Last week, I penned my Seven Stressbusters
column and invited you all to submit suggestions. And submit you did. Thankfully, too, because today Gary B. needs those tips!
Is it bad trading? A sour market? Heavy losses? No, it's far, far worse: Today I am decamped in the
Maryland Department of Motor Vehicles
, doing the registration, license, tags and title dance. (Yes, I know I've been in the Terrapin State awhile, but I just
this visit and have been putting it off for months.) And as I'm now on hour three, I do have one general question: Why is every DMV
crowded? I mean, does every single person in the entire state need to do something auto-related every single day?
In any event, I am in serious need of some chillin', so these tips come at a good time. Read on -- there's something here for everyone!
Many folks like spending time in the outdoors ...
"One half-hour midday weeding, tilling and tending my garden."
-- Barry Brierly
"I take the dog for a walk."
-- Jon Olden
"I like to ride my bike around the neighborhood."
-- Kimm Wanroy
While others go for inside things ...
"I go offline and play pinball -- computer pinball, that is. My favorite time-waster."
-- Carole Griffith
"One of my methods in addition to the midday break for exercise is to work on necessary paperwork after the exercise break before even thinking about the market. That way, I feel as though I am not ignoring the normal day-to-day administration of necessary paper flow that we must all take care of but hate."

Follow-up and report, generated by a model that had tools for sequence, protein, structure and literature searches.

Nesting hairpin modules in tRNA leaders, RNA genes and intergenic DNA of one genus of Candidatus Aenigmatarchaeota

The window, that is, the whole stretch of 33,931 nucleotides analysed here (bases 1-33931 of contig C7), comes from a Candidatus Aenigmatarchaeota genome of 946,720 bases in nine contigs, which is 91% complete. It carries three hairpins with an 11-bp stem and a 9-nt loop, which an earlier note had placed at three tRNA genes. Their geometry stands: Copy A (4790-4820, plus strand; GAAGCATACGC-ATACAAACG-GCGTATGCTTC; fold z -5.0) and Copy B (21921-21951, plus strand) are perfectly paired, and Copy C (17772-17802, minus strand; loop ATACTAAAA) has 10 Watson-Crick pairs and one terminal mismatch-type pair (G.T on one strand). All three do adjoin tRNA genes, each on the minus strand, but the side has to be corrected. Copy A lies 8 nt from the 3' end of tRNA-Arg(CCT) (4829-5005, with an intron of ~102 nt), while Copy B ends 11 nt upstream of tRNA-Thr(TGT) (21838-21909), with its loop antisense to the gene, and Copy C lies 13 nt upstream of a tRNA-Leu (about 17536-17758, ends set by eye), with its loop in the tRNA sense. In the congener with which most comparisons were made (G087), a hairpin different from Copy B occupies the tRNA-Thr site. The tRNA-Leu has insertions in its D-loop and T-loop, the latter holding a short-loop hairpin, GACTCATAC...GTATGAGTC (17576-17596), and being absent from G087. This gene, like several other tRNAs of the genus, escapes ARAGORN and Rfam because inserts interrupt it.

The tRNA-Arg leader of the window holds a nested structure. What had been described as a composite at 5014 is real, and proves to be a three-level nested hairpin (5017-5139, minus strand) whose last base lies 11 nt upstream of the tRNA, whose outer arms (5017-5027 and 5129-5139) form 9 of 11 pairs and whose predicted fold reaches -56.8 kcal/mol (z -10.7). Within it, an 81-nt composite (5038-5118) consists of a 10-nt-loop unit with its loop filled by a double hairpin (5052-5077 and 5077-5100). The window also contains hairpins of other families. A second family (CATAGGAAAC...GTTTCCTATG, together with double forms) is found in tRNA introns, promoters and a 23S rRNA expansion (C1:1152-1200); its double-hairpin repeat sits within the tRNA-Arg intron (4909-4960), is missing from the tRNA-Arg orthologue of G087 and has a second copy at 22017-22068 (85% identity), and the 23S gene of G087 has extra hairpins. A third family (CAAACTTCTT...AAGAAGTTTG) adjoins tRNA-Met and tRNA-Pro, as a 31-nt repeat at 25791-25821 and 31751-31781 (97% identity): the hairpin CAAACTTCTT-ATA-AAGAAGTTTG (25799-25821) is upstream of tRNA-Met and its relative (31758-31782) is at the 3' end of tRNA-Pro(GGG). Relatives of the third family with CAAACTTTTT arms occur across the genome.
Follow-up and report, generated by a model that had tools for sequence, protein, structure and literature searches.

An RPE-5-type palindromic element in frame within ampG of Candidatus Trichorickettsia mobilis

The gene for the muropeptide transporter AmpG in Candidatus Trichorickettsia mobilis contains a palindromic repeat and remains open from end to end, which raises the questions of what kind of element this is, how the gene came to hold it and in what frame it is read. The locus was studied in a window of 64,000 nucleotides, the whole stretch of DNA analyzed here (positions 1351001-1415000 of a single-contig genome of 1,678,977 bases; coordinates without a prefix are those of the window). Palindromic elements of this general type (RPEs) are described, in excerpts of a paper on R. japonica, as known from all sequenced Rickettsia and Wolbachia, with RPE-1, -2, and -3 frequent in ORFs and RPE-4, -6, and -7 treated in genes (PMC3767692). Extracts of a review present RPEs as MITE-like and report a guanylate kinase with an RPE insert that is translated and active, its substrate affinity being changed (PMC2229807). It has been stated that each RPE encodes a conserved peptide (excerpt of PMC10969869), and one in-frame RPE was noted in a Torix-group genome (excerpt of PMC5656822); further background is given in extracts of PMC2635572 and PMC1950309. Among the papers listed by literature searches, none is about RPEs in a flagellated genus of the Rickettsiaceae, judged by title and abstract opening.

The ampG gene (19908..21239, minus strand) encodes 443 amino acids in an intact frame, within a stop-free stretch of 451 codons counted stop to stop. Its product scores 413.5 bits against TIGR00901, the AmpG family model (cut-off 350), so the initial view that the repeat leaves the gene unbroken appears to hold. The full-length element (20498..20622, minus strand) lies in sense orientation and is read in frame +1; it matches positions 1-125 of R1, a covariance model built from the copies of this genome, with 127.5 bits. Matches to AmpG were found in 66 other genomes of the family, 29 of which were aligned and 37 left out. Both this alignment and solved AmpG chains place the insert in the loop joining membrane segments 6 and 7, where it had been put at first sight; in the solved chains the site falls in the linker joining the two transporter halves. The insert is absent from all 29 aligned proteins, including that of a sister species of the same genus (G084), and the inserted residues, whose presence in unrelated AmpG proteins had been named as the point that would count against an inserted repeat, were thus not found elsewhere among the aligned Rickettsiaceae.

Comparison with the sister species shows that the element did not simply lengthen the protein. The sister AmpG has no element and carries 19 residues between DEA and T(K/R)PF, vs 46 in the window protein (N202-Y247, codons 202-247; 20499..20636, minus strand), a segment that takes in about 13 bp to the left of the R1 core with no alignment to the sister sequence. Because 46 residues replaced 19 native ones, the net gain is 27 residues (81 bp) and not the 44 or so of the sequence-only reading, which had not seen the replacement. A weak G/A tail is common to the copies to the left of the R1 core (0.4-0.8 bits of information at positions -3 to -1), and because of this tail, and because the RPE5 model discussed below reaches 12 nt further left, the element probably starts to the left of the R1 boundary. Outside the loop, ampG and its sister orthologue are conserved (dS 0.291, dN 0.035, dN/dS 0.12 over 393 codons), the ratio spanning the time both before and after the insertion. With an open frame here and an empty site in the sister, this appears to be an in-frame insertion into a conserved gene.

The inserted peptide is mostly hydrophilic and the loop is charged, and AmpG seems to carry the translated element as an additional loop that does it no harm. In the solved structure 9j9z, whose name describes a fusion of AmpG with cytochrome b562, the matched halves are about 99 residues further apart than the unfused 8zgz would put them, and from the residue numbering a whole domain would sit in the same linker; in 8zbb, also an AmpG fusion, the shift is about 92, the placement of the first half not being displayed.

-- Vic Brungart
Of course, an occasional vice or two can be OK ...
"I go straight for the bottle, light up a cigarette, line up my shots of espresso, brood over my losses and go straight to my online gambling site for high-intensity games of blackjack. To each their own."
-- Scott Zion
But for others, maybe not ...
"Avoid stimulants. Caffeine can produce a false sense of urgency; alcohol leads inevitably to trading catastrophes."
-- Brad W.
Many have learned that trading is but one part of life ...
"I drink my morning cup of joe from a promotional cup from the
Twilight Monument Co.
On the front is one of their products. It helps me keep things in their correct order -- family, friends and on down the line. You never know when that final margin call will come."
-- C. Allgood
... by focusing on friends ...
"Socialize with non-daytraders at least twice a week for at least two hours, and don't talk about daytrading while you socialize."
-- Rick Neaton
... family ...
"When the market closes at 2 p.m. my time, I turn off the computer, close the books and
the market for five hours. I play with my kids, just play."
-- Shawn Turpen
... and those less fortunate.
"I try to do some volunteer/charity work each week. I find that this really helps me keep things in perspective on those days when the market seems like it's out to get you. When you spend a little time helping the truly unfortunate, you are grateful to go home to a nice house and a healthy family, and suddenly a couple of losing trades seem pretty insignificant."